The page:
Business

Sunday 24 March 2019

Costs of no deal crash-out by UK 'not priced in'

Hard Brexit will be bumpy for Ireland but 'not catastrophic' Central Bank deputy governor insists

Central Bank deputy governor Ed Sibley
Central Bank deputy governor Ed Sibley
Donal O'Donovan

Donal O'Donovan

Financial markets are underestimating the risk and potential impact of a hard Brexit, even with just 15 days to go before the UK could crash out of the European Union, the deputy governor of the Irish Central Bank has warned.

Ed Sibley, the Central Bank Deputy Governor responsible for prudential regulation, said: "As it stands I don't think a hard Brexit is fully priced in so there would be inevitably some market dislocation if that's where we emerge in a short number of weeks, or if there is a short delay to that."

But he said Irish banks that came through the crash were now strong enough to withstand what could be a major shock. "That's not to say an economic downturn in the UK and Ireland wouldn't be painful and difficult, but it's not to my mind of a scale that would cause us - across the system - financial stability issues," he said.

Mr Sibley has ruled himself out of the race to replace Philip Lane as Central Bank Governor when Prof Lane goes to the ECB in May, as expected. The England-born regulator who is watching Brexit unfold from Dublin said his personal response is sadness.

"Personally, I am deeply saddened by it. I think it is entirely regrettable - albeit understandable in some respects. It is to the detriment of the UK and to the detriment of the EU and it's really unfortunate that Ireland is going to suffer collateral damage as a result."

Crucially, however, he thinks the fallout from a hard Brexit would not be made worse by contagion in the banking system looping back into the economy.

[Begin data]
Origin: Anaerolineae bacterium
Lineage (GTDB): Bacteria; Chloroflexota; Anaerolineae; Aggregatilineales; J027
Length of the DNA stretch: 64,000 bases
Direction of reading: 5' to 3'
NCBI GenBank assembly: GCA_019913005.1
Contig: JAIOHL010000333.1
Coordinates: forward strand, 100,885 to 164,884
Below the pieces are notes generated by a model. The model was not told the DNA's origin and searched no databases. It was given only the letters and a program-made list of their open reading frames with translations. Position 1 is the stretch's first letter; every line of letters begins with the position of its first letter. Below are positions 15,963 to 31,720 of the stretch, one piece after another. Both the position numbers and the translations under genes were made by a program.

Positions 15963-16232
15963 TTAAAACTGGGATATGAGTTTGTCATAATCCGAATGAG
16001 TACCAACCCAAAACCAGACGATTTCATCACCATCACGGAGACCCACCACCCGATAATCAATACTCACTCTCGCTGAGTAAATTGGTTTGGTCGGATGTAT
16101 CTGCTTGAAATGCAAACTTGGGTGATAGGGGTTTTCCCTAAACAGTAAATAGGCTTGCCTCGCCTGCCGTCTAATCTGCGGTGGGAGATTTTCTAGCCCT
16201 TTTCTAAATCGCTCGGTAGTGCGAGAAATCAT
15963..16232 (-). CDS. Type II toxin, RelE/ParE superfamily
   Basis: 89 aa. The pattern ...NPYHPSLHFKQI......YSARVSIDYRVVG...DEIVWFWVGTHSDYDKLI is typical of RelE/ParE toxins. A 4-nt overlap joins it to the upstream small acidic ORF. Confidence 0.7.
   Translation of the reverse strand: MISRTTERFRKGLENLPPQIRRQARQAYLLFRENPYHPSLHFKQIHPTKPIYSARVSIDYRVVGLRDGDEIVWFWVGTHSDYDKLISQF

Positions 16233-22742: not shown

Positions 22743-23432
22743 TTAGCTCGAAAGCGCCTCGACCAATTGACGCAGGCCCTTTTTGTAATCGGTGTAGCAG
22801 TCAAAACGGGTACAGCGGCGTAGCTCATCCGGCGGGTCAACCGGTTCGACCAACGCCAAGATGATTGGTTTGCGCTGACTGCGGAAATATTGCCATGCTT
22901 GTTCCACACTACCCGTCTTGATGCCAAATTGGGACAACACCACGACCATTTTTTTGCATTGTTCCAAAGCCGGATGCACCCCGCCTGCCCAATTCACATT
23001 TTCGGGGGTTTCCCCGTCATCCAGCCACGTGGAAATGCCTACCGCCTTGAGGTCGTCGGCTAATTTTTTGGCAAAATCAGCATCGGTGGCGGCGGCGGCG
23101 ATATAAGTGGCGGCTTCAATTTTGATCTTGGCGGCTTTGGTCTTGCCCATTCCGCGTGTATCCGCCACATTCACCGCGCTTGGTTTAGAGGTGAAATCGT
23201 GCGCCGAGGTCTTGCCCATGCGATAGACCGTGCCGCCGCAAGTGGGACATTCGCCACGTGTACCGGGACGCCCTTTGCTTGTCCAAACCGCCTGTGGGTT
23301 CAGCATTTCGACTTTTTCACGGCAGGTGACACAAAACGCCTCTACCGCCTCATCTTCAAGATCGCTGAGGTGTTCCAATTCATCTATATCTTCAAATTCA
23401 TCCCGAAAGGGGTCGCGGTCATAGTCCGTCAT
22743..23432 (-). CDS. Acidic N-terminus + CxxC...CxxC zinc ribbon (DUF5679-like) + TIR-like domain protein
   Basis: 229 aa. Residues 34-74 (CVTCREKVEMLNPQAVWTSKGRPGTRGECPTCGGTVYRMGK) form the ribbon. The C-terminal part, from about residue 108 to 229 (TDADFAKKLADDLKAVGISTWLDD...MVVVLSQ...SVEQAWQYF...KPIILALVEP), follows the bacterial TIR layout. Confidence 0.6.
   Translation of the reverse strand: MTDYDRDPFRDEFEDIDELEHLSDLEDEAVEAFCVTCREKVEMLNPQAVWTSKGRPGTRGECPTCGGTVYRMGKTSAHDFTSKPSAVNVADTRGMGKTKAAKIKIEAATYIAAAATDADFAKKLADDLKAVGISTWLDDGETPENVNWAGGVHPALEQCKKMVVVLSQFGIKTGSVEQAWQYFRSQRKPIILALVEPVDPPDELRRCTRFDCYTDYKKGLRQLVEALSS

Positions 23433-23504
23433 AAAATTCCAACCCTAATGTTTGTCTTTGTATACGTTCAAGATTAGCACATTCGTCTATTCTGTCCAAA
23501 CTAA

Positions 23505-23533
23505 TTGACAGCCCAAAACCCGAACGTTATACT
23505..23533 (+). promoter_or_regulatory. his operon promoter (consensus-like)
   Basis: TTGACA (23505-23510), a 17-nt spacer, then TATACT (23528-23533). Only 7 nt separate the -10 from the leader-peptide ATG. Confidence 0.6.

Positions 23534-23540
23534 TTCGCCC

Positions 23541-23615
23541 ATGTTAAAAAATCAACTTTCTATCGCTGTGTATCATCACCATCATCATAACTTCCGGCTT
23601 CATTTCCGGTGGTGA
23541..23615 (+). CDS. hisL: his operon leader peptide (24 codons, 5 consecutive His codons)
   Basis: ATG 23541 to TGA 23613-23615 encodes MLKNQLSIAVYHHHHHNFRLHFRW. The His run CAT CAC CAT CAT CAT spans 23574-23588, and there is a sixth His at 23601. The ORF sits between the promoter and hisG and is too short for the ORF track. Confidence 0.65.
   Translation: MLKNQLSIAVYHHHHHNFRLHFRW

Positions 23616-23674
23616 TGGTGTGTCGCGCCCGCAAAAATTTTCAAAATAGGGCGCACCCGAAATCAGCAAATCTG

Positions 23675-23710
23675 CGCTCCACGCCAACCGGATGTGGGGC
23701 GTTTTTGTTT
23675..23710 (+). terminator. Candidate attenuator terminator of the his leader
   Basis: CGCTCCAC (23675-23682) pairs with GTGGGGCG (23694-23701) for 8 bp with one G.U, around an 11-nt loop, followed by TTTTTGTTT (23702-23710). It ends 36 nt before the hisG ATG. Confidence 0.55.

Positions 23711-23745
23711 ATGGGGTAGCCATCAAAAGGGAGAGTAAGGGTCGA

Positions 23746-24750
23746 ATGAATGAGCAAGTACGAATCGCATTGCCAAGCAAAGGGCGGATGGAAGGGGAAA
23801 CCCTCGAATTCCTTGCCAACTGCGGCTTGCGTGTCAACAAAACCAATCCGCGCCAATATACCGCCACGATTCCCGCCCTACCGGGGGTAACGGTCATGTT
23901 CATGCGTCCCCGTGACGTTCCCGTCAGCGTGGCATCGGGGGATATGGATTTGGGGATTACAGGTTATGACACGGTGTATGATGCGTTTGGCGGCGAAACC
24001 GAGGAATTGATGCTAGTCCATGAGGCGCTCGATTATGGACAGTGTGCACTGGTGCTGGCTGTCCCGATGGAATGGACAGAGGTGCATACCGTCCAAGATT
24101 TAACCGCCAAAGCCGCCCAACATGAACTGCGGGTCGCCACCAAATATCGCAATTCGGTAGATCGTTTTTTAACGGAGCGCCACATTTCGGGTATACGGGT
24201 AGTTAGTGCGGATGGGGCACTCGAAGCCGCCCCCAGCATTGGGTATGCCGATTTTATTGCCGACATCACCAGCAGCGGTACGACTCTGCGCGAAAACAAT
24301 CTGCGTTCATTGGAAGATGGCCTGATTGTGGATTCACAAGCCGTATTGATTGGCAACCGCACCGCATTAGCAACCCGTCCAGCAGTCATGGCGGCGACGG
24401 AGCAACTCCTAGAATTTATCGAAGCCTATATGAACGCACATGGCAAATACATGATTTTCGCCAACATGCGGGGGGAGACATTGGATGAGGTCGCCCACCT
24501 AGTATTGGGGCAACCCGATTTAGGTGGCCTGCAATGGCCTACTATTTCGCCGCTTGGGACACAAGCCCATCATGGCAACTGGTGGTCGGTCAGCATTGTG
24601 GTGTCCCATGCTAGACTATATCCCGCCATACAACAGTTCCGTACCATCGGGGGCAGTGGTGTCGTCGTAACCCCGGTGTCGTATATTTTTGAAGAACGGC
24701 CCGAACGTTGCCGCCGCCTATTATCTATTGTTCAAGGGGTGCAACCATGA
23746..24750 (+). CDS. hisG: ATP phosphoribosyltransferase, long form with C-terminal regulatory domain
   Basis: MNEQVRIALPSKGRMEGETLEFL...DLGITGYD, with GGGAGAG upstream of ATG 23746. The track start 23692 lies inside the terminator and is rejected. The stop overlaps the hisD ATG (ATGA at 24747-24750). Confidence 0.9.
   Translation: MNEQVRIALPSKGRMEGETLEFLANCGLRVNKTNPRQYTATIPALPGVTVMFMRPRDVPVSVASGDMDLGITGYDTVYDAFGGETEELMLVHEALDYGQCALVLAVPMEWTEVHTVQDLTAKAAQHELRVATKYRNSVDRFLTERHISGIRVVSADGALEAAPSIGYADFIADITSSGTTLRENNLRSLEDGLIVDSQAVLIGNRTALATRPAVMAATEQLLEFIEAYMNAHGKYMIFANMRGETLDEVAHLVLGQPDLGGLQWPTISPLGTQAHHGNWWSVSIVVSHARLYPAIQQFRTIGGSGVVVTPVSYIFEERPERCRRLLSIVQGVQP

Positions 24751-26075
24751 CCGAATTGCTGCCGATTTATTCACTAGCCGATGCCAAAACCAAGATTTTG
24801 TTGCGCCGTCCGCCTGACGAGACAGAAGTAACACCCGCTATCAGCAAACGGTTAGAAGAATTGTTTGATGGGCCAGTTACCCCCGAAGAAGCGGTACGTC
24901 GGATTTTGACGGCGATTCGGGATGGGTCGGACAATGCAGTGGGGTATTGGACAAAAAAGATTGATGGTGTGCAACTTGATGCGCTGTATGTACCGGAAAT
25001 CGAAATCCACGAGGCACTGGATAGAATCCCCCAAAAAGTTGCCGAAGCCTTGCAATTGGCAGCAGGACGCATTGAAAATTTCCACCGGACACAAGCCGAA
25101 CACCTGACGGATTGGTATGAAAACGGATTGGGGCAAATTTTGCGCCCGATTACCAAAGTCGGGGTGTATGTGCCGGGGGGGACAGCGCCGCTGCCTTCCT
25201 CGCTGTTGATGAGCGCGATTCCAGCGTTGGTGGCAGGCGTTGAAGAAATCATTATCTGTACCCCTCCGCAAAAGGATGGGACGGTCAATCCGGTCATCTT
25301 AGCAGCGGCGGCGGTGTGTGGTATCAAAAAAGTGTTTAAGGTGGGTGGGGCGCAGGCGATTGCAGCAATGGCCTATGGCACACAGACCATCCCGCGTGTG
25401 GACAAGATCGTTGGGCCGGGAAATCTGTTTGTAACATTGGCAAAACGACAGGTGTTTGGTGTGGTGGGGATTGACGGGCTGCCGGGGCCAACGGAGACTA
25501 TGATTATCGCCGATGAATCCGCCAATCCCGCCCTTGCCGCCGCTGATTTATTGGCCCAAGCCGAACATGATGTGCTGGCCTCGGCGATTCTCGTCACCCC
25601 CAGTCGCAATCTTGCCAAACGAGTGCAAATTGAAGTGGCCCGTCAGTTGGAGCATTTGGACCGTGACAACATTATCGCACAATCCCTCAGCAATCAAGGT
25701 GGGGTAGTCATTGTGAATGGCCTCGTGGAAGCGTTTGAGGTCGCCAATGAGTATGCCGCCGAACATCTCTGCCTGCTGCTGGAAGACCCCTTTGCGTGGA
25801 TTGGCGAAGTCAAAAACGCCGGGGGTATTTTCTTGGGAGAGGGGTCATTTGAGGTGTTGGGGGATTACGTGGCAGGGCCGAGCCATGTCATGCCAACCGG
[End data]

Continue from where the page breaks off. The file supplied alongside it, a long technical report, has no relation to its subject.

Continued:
"That is based on not just the work of the last three years when we've done a lot of specific work on Brexit, but on the work of the last decade," he told the Irish Independent.

"So one can never be 100pc there isn't something that is going to cause a problem. But my view - based on all the work we've done, the analysis we've done, the interventions we've made - is that the financial system shouldn't be a cause of further problems. It should be operating to continue to serve the needs of the economy and customers, albeit given the level of market disruption that I think a hard Brexit could cause - because it is not priced in - it will be bumpy. But bumpy in a way that is not catastrophic as we have seen here before," he said.

The bigger issue for Ireland will be the wider economic impacts including on some vulnerable sectors such as agri-foods and traditional manufacturing that are heavily reliant on exports to the UK, he said. "What I have been very much focused on is to make sure, as much as we can, to mitigate the risks to the financial system such that the financial system is resilient enough to withstand the shock of a hard Brexit and resilient enough to serve what will be acute needs of the economy and customers in that scenario, rather than being an extra headache, or a cause of problems."

A decade ago, the global financial crisis triggered a so-called doom loop between banks, the real economy and national governments.

"We are in completely different circumstances for the domestic banks than we were a decade or so ago in terms of the level of capital that is in the system," Mr Sibley said. "There is three times as much - more than three times as much in terms of risk-weighted assets. Their funding profile is much more deposit-funded than on the wholesale and short-term markets - so much less vulnerable to a shock; and their business models are different. They are heavily concentrated in property but more mortgages than commercial real estate as was the case," he added.

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